When Danish architect Jørn Utzon won the international competition to design the Sydney Opera House in 1957, accessibility issues for people with disabilities were not foremost on his or the judges' minds.
There was an outcry about the 70 or so steep podium steps, with five people injuring themselves – one even breaking a limb – before the building's gala opening in 1973.
The Opera House opened in 1973. Credit:AP
When work began on the interiors in 1969, the idea of escalators, which had once been mooted, had been scrapped for aesthetic and structural reasons. Elevators for wheelchair access and for people with mobility issues were an afterthought.
But now, a decade after the Danish designer's death on November 29, 2008 and thanks to a multi-million dollar renewal program, that is about to change.
Friday night's opening night performance of The Australian Ballet’s Cinderella will see patrons with limited mobility or wheelchair users able to take in the stunning views from the Joan Sutherland Theatre’s northern foyer for the first time, as the Opera House officially opens a new accessible passageway and lift.
The Joan Sutherland Theatre Renewal Accessibility Corridor in the Sydney Opera House is to open Friday.Credit:Daniel Boud
For Max Burt, an inclusion champion who runs the charity Wheel Easy, which lobbies for better wheelchair access throughout Sydney, this move is important as it means people like him in a wheelchair can experience the building the way others do.
“I have been a wheelchair user for over 19 years and have been coming to the Opera House for the seven years I have been living in Sydney, however today is the first time I was able to reach the Joan Sutherland Theatre’s northern foyers and see for myself the fantastic harbour view," he said.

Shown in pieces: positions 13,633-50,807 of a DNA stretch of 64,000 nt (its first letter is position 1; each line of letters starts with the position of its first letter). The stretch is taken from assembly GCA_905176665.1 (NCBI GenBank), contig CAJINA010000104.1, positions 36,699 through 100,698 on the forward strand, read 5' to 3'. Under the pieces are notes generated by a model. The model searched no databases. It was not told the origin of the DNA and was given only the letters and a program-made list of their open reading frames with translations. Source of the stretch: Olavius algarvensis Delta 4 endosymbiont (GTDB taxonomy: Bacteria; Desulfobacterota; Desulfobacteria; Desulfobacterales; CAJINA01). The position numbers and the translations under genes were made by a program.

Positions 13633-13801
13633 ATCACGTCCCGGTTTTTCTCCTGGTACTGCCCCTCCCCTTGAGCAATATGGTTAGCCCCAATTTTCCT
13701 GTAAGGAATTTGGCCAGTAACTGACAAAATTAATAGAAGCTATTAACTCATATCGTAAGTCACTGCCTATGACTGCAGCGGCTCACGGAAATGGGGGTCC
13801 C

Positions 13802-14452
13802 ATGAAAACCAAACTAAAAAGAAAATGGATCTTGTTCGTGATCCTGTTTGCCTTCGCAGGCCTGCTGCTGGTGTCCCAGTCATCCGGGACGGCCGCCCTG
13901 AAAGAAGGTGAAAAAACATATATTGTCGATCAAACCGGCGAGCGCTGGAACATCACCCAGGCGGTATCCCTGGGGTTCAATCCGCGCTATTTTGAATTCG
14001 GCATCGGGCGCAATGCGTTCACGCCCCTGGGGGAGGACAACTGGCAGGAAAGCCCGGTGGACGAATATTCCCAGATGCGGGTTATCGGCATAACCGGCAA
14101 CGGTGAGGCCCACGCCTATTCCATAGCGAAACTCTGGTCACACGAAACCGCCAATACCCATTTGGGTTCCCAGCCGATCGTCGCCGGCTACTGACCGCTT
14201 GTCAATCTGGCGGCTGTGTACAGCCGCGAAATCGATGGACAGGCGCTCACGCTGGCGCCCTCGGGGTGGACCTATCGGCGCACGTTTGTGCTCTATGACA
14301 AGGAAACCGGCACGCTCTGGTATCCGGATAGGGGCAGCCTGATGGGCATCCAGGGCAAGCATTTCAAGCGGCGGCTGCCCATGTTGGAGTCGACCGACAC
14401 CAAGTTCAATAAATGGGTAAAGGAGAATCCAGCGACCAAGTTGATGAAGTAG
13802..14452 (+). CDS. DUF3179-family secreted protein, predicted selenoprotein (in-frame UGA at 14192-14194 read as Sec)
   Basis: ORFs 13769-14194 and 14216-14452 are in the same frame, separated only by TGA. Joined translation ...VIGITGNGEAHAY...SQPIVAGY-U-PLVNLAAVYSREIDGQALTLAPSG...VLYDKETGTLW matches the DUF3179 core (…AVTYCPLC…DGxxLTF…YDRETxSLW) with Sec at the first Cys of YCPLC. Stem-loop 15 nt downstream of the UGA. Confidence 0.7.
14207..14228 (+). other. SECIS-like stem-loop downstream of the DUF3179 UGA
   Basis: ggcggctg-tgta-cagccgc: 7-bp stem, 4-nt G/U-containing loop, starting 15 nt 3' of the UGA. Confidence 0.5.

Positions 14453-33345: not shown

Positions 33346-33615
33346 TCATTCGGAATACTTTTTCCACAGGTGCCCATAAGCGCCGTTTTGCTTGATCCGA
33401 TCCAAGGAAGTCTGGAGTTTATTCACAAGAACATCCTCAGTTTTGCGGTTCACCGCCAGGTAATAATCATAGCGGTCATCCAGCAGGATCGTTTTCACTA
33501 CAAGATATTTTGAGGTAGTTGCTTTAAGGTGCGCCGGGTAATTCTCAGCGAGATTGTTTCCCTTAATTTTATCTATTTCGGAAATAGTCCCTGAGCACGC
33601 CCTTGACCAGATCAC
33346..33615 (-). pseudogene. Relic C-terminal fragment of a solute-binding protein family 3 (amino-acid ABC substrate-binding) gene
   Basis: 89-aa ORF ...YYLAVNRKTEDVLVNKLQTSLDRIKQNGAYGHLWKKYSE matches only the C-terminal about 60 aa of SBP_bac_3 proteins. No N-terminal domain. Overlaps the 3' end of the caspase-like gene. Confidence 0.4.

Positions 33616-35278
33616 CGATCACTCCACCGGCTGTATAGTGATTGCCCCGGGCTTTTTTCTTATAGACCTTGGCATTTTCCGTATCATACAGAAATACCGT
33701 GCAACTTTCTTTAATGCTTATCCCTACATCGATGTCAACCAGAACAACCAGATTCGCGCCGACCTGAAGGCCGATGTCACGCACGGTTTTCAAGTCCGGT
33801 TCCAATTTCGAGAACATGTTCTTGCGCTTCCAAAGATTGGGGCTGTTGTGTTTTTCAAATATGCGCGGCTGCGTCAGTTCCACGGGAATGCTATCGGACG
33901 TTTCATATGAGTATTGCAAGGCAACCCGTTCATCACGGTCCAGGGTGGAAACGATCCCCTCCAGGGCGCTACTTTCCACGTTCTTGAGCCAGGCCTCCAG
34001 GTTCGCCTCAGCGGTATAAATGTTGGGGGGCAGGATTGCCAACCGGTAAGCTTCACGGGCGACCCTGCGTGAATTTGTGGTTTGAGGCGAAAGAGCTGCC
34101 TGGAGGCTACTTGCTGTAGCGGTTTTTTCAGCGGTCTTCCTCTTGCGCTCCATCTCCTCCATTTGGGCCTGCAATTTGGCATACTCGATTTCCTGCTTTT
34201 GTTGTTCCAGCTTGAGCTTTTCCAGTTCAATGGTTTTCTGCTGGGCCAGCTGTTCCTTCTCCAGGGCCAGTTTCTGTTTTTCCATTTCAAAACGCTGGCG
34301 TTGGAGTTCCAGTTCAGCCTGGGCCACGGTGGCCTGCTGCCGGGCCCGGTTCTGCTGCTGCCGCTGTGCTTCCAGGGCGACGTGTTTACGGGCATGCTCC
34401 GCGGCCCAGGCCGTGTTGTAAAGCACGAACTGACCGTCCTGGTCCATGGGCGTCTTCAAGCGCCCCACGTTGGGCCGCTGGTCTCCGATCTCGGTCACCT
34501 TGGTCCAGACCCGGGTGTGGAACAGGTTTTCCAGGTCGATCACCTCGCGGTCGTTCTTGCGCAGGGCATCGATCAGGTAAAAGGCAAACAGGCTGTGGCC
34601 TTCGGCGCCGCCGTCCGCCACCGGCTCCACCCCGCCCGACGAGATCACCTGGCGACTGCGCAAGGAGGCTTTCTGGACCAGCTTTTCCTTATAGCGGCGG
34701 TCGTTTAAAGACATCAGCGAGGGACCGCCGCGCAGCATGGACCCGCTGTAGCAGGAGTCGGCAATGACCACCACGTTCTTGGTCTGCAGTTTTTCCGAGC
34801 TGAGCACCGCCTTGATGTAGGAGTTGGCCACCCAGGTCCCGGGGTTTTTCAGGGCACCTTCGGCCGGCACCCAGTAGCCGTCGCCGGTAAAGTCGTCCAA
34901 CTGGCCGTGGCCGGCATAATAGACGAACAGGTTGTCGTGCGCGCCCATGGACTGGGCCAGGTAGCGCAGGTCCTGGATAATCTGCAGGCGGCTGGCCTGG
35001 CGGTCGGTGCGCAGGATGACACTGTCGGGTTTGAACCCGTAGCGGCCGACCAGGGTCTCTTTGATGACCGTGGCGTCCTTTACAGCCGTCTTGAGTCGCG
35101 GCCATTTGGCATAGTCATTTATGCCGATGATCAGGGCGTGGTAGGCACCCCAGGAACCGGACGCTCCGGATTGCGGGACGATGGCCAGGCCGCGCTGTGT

Ian Cashen and Max Burt catch the new glass-walled lift at the Opera House.
"The harbour view always takes my breath away but to see it like this for the first time as nobody in a wheelchair has ever seen it before is really something special,” said the former manager of a London advertising agency who was paralysed after a near fatal accident with a fire engine.
The building upgrades which are part of the Opera House’s Decade of Renewal works have been done by seamlessly inserting a new passageway through utilities and back of house spaces using historic precast floor finishes, brush box timber cladding and bronze trim elements to make the works blend almost indistinguishably into the existing building.
Sydney Opera House CEO Louise Herron with Wheel Easy’s Max Burt as he visits the Opera House northern foyer for the first time.Credit:Daniel Boud
Even the granite was sourced from the same quarry in Portland where the original stones came from. Work on another lift from the box office area was recently suspended when contractors discovered the footings of the original Fort Macquarie, the castellated battlement fort built in 1798 at Bennelong Point.
The final goal, when that lift is completed, is for patrons with mobility issues to be able to come all the way from the car park to the northern foyer via the lifts and the new passageway.
On a tour of the glass walled and roof lift on Thursday, Opera House CEO Louise Herron, said the finishes, including the brass finishing of the hand rails, has been done so as to fit in as much with the current Opera House interiors.
"Over time the brass railings will have a beautiful sheen from people rubbing them just like the nose on the brass pig at Sydney Hospital on Macquarie Street," she said.
Jorn Utzon, left, with a model of the Opera House in 1966.Credit:Geoffrey Bull
Around 23,000 people visit the Opera House daily, "enough to fill a stadium" Ms Herron said.
Janelle Ryan, who is the accessibility manager at the Sydney Opera House says she expects the new glass walled lifts will be popular not just with people in wheelchairs, the elderly, people with canes or walkers or simply those who struggle with stairs.
"I'm sure tourists visiting the House will want to catch the lifts just to take in the views," she said.
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